The Making of ��� (pork Belly)




���(pork belly) This is the nineteenth knife I made. It is sitting on a piece of  channel iron (3 1/4" X 1 1/2" and 1/8"  thick) of which the knife is made

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Step 1:

Step One: I drew out a design on Bristol board and cut it out using a utility knife.  Then held it to see if it feels good and made any adjustments.

I  laid my pattern on the material and traced around it with a marker. I am using a piece of  channel iron (3 1/4" X 1 1/2" and 1/8"  thick) that I got as scrap at work.


Step 2:

Step Two: I cut out the pattern with a "Dremel" type rotary tool, using the fiber type cutting discs (The fiber discs last a lot longer than the cheap ones). I use a rotary tool rather than an angle or bench grinder, as you can get allot closer to your pattern, and it do not tend to over-heat the material.

Step 3:

Step Three: I have finished cleaning up my pattern. I using a 1X32 belt sander and disk sander, plus a drum sanding kit on my drill press.

Step 4:

Step Four: I have drilled holes in the handle section to pin my handle material; shallow holes in the handle section to help my glue stick; and milled decorative holes in the blade section. Then sanded the material down with Aluminum Oxide sandpaper, starting with 80 grit and working down to 400 grit (I only sanded the handle section with the 80 grit to remove the rust, leaving a rough surface to help my glue to stick). bevel the edges of the blade using a 1X32 belt sander.  Finally polished the blade section with black, green and lastly blue polishing compound using buffing wheels on my drill press.

I would now temper and heat treat the metal if I had access to a kiln, and then have to re- polish the blade.

Step 5:

Step Five: Materials for my handle; 3/4" X 1/8" brass salvaged from windows from the local hospital being re-modeled (for the front and rear bolsters); a reddish tint wood from a pallet from work ( the scales); and 1/8" brazing rod (for the rivets/pins).


Step 6:

Step Six: I cut two sections of the brass rod for each of the bolsters, and two sections of the wood  for the scales.  I need two identical pieces for each part, and have the pin holes line-up. I used an old carpenters trick, using two way tape and taping the sections together before drilling and cutting.  The handle shape was traced on the wood and then rough cut on my scroll saw. {Make sure you file down and sand the end of the bass in the ricasso area (where the handle meets the blade). Once it's glued you won't be able to shape it any further.}

Step 7:

Step Seven: I taped the blade of the knife right up to where the scales are going to be glued. I always make sure the blade is covered tight to where the handle is going to start, as it saves a lot of time of cleaning up glue that can get on the blade.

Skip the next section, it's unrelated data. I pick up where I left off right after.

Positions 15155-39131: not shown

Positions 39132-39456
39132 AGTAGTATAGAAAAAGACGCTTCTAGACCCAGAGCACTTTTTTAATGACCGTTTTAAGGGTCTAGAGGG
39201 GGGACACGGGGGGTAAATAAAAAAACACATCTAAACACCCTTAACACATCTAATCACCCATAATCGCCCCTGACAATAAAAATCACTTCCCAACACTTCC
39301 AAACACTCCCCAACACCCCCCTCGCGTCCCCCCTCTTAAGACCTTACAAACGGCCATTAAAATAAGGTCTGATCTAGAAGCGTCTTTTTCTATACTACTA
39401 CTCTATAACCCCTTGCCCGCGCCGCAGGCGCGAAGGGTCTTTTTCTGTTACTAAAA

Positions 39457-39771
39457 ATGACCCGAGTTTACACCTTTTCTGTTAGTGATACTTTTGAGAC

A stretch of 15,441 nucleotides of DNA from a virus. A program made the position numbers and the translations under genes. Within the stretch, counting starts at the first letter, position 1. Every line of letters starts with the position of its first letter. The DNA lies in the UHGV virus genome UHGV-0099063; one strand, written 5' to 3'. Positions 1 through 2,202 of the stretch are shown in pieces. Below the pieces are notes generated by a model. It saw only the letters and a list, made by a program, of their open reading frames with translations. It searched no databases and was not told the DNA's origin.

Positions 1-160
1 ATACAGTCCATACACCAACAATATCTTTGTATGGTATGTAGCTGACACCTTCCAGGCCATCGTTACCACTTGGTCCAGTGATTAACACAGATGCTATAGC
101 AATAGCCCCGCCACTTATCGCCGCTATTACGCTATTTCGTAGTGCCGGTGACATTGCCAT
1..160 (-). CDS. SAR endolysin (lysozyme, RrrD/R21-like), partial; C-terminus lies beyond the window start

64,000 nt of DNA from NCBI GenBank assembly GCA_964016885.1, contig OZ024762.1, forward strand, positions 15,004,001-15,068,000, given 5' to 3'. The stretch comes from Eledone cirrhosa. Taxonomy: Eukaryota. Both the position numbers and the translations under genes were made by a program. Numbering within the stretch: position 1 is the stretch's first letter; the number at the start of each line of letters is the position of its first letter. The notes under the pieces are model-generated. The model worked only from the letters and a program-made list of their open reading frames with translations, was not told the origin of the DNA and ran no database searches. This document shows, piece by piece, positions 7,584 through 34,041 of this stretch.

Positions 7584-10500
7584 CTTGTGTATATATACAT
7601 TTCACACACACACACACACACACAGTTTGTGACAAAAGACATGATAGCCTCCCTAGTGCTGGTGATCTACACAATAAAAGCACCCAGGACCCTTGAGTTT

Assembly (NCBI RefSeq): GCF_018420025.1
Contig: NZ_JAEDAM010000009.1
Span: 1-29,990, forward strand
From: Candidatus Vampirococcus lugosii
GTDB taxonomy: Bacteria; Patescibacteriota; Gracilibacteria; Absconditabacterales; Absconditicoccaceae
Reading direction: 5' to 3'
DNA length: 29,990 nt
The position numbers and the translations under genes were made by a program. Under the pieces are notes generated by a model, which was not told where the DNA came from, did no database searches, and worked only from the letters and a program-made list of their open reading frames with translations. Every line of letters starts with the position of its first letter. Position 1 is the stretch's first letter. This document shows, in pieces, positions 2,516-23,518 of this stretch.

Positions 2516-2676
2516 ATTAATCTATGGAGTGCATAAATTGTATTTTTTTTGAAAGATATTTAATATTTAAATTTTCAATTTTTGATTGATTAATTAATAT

Using 5 minute epoxy coat one side of the knife tang, then put your rivets in place, and slide the corresponding side of the handle in place, and clamp for 5 to 10 minutes.  Then glue and clamp the second side. I did this for all three sections of the handle.

Step 8:

Step Eight: I have every part of the handle glued in place.

Step 9:

Step Nine:I  now have all the sections glued to the tang. I used my wood rasp,1X32 belt sander and disk sander,  drum sanding kit on my drill press, and palm sander to shape the handle. I sanded everything down to 400 grit.  You have to be careful not to overheat the brass in this step as it can burn the wood and glue.

 You may note the rear bolster is missing.  I did not like the results so I removed it.


Step 10:

Step Ten: Another knife finished (almost) I taped the wooden parts of the handle and polished the brass, and in turn taped the brass part of the handle and put four coats of varnish on the wood. Now all I have to do is sharpen the knife and make a sheath for it.


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    14 Discussions


    6 years ago on Step 10

    This looks beautiful. Do you actually peen the brass pins over to make them structural, or are they only decorative?

    2 replies

    I know it's not my instructable but he seems to have done what I do. The pins just provide directional support. Most custom knife pins are not peened over, contrary to some belief.

    The brass pins are not for decoration, nor do I peen them. They do provide support to the scales. I flute the pins and glue them, and find they have yet to fail


    6 years ago on Step 10 this is badass...

    anyone else?

    nice work tex!


    Reply 6 years ago on Introduction

    This is how I made my (hugly) one. Be sure to use INSULATING (type jm23) briks:


    Reply 6 years ago on Introduction

    I forwarded him those planes long ago. He's one of those people whom like to do everything as safely as possible. I doubt he will ever hand build a kiln. It makes me sad. This is what he helped me build when I visited him ( he's my father )


    Reply 6 years ago on Introduction

    Well, that kiln is not designed to be sasfe, that's true. Still I've been using it for 2 years now with no problem at all.
    It can't esplode, nor can catch fire is you don't put flamable materials there.
    The main risk comes from electricution, but it's easy to avoid if you do it right. You can add a circuit breaker (is that it's name?) that will cut power when he detects a short circuit or such.
    Or you could do it with a forge... many ways to do that.
    Another solution, even better, could be to send it over to some het threat company and have it done for you.

    BTW: very nice job of yours !!


    6 years ago on Introduction

    what about heat treating, and tempering? what sort of steel is channel iron?


    6 years ago on Introduction

    That looks really nice - how well does "channel iron" (a term I've not heard) keep an edge?